Toward international order in migration and trade?

Position:Proceedings of the 101st Annual Meeting of the American Society of International Law: The Future of International Law - Discussion

The panel was convened at 10:45 a.m., Friday, March 30, by its moderator, Joel Trachtman of the Fletcher School of Law and Diplomacy, who introduced the panelists: Tomer Broude of Hebrew University, Jerusalem; Howard Chang of the University of Pennsylvania; Bimal Ghosh of the International Organization of Migration; and Susan Martin of the Institute for the Study of International Migration, Georgetown University.


By Joel P. Trachtman **

The late nineteenth century was a period of liberal policies toward migration. The United States, which to a great extent remains a nation of immigrants, only began to restrict immigration in the 1870s. While global society during the past century has made important strides toward free movement of goods, money, and even some types of services, human migration for economic and non-economic reasons remains broadly constrained. In the European Union, the drive toward free trade and economic integration has been defined in terms of four freedoms: free movement of goods, services, money, and labor. The European Union has made important progress in achieving free movement of labor. The U.S.-Mexican border, by comparison, is formally restricted, but informally rather porous. It imposes informal costs and dangers on illegal immigrants.

The dual pressures of globalization and demographic imbalance call for greater legal structure to facilitate and regulate economic migration. Wealthier states such as Germany, Japan, and the United States are anticipating labor shortages that will have substantial adverse consequences for their prosperity and for their ability to fund social welfare programs. In some states these shortages arise from fertility rates that are below replacement levels. While the global workforce is expected to increase substantially in this decade, the vast majority of the increase will take place in developing countries. Therefore, wealthy states need to join with poor states to manage and regularize, and even to encourage, flows of immigrant labor. While this need will be reflected in part in unilateral policy measures, it will become important, for a variety of reasons addressed in this work, to enter into international agreements to manage flows of immigrant labor.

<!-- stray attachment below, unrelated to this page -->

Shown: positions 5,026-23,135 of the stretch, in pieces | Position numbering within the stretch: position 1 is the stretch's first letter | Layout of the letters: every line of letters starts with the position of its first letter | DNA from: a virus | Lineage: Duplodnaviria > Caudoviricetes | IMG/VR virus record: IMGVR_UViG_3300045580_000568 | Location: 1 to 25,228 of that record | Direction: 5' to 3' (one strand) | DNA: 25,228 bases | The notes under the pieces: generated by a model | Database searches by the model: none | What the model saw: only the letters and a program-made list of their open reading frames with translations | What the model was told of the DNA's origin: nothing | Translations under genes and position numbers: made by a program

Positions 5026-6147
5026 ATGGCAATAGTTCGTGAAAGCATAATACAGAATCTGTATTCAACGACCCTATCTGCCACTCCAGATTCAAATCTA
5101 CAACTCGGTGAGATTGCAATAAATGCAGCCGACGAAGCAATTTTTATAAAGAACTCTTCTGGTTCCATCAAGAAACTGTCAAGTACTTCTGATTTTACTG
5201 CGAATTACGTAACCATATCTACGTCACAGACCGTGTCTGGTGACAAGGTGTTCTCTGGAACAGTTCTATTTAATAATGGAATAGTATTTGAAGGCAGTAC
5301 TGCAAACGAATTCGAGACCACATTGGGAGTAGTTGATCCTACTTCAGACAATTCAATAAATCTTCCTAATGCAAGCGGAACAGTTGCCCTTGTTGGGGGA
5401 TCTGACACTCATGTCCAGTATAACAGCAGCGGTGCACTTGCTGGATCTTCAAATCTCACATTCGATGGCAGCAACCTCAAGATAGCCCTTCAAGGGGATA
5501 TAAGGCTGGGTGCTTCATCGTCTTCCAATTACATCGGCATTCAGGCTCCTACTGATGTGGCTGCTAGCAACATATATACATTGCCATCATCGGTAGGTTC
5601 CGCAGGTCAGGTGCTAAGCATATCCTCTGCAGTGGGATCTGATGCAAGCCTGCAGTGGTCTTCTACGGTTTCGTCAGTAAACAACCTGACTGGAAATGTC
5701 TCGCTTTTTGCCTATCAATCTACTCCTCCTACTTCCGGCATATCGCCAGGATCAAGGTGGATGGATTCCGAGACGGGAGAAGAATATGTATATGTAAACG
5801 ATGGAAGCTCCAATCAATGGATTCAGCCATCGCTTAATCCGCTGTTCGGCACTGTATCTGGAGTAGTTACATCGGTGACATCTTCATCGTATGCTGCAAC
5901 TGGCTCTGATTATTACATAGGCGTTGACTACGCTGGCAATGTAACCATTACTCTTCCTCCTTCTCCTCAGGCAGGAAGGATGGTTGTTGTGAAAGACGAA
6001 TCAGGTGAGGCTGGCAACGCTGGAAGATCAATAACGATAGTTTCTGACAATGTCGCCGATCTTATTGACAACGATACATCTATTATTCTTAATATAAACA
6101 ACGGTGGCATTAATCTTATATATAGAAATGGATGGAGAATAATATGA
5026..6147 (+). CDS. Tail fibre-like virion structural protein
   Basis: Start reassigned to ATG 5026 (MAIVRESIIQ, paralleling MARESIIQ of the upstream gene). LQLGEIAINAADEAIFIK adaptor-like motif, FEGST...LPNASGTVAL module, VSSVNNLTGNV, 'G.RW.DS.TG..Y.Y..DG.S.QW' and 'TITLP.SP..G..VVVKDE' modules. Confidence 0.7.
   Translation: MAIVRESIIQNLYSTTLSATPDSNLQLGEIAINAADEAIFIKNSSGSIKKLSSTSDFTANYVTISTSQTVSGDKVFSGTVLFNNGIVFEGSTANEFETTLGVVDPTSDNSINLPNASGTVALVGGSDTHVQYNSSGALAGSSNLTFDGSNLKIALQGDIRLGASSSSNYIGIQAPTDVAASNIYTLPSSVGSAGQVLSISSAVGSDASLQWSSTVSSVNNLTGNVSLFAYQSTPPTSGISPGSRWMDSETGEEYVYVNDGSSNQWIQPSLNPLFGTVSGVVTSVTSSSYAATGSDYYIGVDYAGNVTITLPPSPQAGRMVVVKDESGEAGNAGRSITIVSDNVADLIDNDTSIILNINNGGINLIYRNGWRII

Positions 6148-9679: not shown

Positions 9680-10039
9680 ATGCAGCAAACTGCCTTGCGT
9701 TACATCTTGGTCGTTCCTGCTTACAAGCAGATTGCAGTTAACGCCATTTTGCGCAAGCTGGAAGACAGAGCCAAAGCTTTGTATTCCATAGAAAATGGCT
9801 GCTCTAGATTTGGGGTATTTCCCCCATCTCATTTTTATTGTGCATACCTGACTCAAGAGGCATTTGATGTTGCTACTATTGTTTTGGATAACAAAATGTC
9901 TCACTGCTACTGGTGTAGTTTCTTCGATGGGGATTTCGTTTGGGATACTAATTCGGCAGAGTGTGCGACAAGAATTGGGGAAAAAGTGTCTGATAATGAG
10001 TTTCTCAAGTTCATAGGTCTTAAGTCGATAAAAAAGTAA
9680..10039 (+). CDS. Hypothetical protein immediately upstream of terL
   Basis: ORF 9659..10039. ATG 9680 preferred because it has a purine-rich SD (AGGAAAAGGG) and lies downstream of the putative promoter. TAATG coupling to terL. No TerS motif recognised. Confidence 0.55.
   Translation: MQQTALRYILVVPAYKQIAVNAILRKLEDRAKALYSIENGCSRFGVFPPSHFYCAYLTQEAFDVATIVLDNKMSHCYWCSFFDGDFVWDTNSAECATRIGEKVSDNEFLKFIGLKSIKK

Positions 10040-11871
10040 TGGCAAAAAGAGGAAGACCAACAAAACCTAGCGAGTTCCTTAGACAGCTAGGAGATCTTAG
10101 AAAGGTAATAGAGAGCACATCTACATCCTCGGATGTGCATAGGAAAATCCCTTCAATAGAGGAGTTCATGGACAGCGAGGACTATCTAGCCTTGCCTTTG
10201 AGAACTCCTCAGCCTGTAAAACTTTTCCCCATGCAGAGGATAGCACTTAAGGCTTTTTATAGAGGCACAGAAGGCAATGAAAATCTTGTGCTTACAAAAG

There are great gains in welfare to be made in freeing up international economic migration, just as there are great gains to be made in freeing up international trade in goods, services, and money. It is estimated that a modest increase in industrial countries' quotas on incoming temporary workers equal to 3% of their current work forces would result in increased world welfare of more than US$150 billion a year. (1) These gains would be shared by developed and developing countries. But perhaps more importantly, under certain circumstances, emigration can help to raise the living standards in poor countries. In order to achieve these gains, it is necessary to overcome obstacles to bargaining, and to assist political processes in realizing the magnitude of the potential gains. With so much welfare improvement to be gained, states will endeavor to overcome these obstacles to bargaining.